This post critiquing an article in Harvard Business Review article caught my attention recently. I’m catching up on old reading here but this article rehashes the perennial debate about ‘the business case for CSR’. The HBR article basically argues we’re asking too much of CSR if we’re asking it to make money:
“There is increasing pressure to dress up CSR as a business discipline and demand that every initiative deliver business results. That is asking too much of CSR and distracts from what must be its main goal: to align a company’s social and environmental activities with its business purpose and values. If in doing so CSR activities mitigate risks, enhance reputation, and contribute to business results, that is all to the good. But for many CSR programs, those outcomes should be a spillover, not their reason for being.”
The response of CSR consultant Richard Hardyment is that “This is dangerous talk” and accuses HBR (not the authors, oddly) of “winding back the clock”. That if such arguments are entertained seriously all the good work of those arguing that there is a business case would be undone. If nothing else, this demonstrates a lack of conviction that the business case is a solid one that can stand some testing and scrutiny. One of the best (titled) articles on the subject makes the argument that the fact that the business case has been debated for so long (they survey decades of research) without conclusive evidence being presented only further undermines the argument for its existence.
There is a quite remarkable volume of literature about whether CSR initiatives make money or not, and the response summarises many of the arguments, but in my experience, the business case is a central if difficult to quantify argument. And when I say central, many think that, without it, CSR initiatives in the mining industry are pretty much dead in the water. However, things are a little more complex than a simple black/white argument. In Aseem Prakash’s pioneering work on companies going ‘beyond compliance’ in the US pharmaceuticals industry, such policies were often adopted without a clear business case being presented. In my own research in the mining industry, the language of ‘risk’ fills this gap between fuzzy, complex social world and hard numbers on the balance sheet. If you have to give away a massive mine as BHP did with OK Tedi in 2001 then CSR initiatives (and tailings management) were clearly a sensible investment. If you can get away without doing this and skirt the potential high costs of conflict, then there’s not really a ‘business case’. It’s not black and white and cannot be given a final answer, however much we may wish one. The ‘business case’ remains quite elusive and in David Vogel’s words, “niche”.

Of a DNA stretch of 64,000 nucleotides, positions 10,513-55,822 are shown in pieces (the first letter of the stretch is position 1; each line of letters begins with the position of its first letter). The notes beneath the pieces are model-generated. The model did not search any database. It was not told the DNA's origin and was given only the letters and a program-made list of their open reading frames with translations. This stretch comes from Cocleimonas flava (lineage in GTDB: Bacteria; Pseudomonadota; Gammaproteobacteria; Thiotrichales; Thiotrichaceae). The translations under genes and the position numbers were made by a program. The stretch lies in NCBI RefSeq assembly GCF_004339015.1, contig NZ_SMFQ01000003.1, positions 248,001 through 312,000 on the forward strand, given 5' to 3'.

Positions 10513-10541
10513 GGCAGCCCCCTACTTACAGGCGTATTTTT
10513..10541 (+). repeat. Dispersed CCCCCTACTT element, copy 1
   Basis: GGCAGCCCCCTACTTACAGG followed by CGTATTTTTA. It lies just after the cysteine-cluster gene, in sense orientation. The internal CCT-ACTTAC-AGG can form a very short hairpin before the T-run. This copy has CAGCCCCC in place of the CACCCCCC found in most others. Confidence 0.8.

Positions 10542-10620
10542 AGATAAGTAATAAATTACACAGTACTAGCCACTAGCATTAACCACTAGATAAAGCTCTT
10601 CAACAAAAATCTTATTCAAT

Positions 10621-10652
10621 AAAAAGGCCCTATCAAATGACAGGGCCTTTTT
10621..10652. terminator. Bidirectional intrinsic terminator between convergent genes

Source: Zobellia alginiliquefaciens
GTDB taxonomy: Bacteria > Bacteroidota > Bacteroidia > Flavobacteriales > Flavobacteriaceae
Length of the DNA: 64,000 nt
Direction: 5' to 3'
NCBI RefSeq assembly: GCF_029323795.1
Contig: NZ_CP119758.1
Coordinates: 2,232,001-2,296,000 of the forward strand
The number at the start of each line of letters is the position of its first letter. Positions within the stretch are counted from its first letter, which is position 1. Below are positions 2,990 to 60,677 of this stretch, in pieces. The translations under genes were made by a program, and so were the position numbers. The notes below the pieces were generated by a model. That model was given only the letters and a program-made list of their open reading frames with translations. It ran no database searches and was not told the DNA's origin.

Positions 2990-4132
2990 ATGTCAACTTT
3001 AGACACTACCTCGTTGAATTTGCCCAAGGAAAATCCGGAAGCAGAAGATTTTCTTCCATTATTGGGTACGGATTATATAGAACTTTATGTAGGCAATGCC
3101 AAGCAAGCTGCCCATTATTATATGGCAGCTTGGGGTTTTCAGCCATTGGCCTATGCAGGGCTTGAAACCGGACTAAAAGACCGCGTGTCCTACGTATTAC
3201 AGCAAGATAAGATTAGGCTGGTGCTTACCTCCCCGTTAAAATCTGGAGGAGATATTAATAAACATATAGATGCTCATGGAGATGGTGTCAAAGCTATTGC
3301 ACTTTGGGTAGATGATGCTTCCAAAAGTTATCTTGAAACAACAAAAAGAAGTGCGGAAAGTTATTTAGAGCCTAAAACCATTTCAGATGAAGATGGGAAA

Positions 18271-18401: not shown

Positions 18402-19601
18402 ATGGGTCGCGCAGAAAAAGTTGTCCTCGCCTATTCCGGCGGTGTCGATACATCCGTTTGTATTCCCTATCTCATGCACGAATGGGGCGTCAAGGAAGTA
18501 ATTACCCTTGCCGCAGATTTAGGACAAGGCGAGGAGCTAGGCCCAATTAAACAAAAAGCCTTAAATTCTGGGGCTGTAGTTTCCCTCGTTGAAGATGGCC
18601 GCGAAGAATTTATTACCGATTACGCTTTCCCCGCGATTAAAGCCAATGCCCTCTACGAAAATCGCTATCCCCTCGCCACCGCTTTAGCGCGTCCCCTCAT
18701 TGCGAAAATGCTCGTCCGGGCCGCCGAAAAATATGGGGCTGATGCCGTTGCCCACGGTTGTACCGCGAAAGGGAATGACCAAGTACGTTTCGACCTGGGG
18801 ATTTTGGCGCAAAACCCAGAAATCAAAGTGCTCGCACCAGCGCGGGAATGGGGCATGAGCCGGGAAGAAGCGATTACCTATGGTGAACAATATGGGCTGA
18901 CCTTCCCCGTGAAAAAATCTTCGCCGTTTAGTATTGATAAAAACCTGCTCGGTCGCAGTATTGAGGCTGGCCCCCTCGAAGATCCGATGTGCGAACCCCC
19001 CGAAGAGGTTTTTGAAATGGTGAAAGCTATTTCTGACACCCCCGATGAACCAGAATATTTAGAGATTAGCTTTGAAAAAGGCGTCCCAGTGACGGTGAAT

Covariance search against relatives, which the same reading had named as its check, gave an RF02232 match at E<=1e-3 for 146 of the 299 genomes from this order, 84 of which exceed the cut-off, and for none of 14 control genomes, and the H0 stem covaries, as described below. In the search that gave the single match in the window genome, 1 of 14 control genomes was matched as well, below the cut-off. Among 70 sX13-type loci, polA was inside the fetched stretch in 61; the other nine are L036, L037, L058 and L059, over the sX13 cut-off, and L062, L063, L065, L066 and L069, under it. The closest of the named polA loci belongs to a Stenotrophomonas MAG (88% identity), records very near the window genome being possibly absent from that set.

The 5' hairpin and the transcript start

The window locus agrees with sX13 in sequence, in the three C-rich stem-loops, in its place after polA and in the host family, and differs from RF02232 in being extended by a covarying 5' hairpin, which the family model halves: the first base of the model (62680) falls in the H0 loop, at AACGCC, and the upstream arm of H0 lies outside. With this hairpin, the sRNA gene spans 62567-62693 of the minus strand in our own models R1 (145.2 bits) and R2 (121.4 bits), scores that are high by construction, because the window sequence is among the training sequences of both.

The tone of the response seems a little hysterical to me and stirs up my skepticism about whether there is something of the emperors new clothes about the universal push for CSR. The question of whether there is a business case is a perfectly legitimate one to be asked by any scholar (even those who choose overblown article titles like ‘The Truth About CSR’). That it is an uncomfortable one for those who’s livelihoods depend on it should surprise no one.